What are some social taboos in Switzerland?
How to be polite in Switzerland
Swiss people are known for their kindnesses and you should be respectful of that. No matter where you are, no matter how small the place, greet everyone with Salu, Hoi, Gruetzi, or Ciao, depending on your location. This is considered polite by the Swiss.
A handshake is the best way to meet someone new in Switzerland. While you exchange the handshake, keep eye contact with the person. It is considered rude to break eye contact. If you have met someone for more than one occasion, your greeting will be more casual. You can now kiss them three times on the cheek.
If you are speaking to someone you have never met, it is a good idea to use the family name or the formal pronoun (“Sie”) when approaching them. Continue this formal approach until they inform you otherwise.
You should greet everyone when you are in public places, such as in shops or on the streets. This is especially true in small towns or villages where everyone knows everyone. This is something that the Swiss really appreciate.
Few things to remember:
- Never, ever, litter the streets. It’s simply a felony.
- Don’t chew gum in public, as it’s considered rude!
- Enjoy the silence. Swiss people don’t like loudness.
- Respect and help the elderly.
Switzerland’s business culture is more conservative and formal than many other countries. Many companies follow a strict hierarchy. Switzerland’s social etiquette rules mean that Swiss workers are reserved and polite but direct. There is a clear separation between personal and professional life.
For example, the Swiss do not consider it appropriate for your boss or manager to contact you outside business hours.
These are some things you should keep in mind:
- Make appointments rather than just showing up without warning. This is considered almost unacceptable in Switzerland.
- When the appointment is scheduled, arrive 5 minutes earlier. And for heaven’s sake, don’t be late! It’s a big, big no-no, especially for business purposes.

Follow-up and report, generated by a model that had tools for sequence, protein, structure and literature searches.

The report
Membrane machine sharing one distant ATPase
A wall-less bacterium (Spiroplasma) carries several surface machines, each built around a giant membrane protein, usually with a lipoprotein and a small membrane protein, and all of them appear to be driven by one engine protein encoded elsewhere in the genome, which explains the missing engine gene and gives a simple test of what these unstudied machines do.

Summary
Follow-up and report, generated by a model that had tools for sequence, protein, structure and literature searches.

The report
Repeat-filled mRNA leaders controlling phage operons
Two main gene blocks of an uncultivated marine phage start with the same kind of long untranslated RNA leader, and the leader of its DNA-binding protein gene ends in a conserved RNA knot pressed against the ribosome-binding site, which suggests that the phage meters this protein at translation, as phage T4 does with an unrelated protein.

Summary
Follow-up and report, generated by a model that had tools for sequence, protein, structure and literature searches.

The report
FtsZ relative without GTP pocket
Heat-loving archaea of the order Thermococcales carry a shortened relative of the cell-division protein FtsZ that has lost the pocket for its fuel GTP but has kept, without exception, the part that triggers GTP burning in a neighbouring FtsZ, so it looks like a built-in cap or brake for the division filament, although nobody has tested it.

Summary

- Look professional. Formality is a virtue in Switzerland. Wear a suit and subtle accessories.
- Don’t ask personal questions. Keep the conversation light by talking about sport, cuisine, or even world politics, without expressing too extreme of an opinion.
Other social conventions in Switzerland
It’s socially enouraged in Switzerland to bring small gifts to someone who hosts you at their home. You can bring flowers (avoid red roses, unless you are in a romantic relationship), chocolates or wine. You should also bring small gifts for the children if your hosts have them. Avoid sharp objects like knives or scissors as it could signify cutting ties. Although it is not common to give gifts at work, you should do so after all business and negotiations have concluded.
At dinner, maintain common decency and be respectful and polite. Wait for the host to toast the first time and maintain eye contact as you toast. Wait until everyone has finished eating before you begin to eat. Throughout the meal, keep your elbows and wrists at the table. Keep the knife and fork in each hand and hold them in your left and right hands. Place the fork and knife together on the plate at the 5:25 clock.
It’s also impolite to wave at a waiter or waitress.
These are just some of the customs and social etiquette to expect from Swiss society! What do you think? As fellow British citizens, we are sure you can look forward to a beautiful experience in the Alpine country.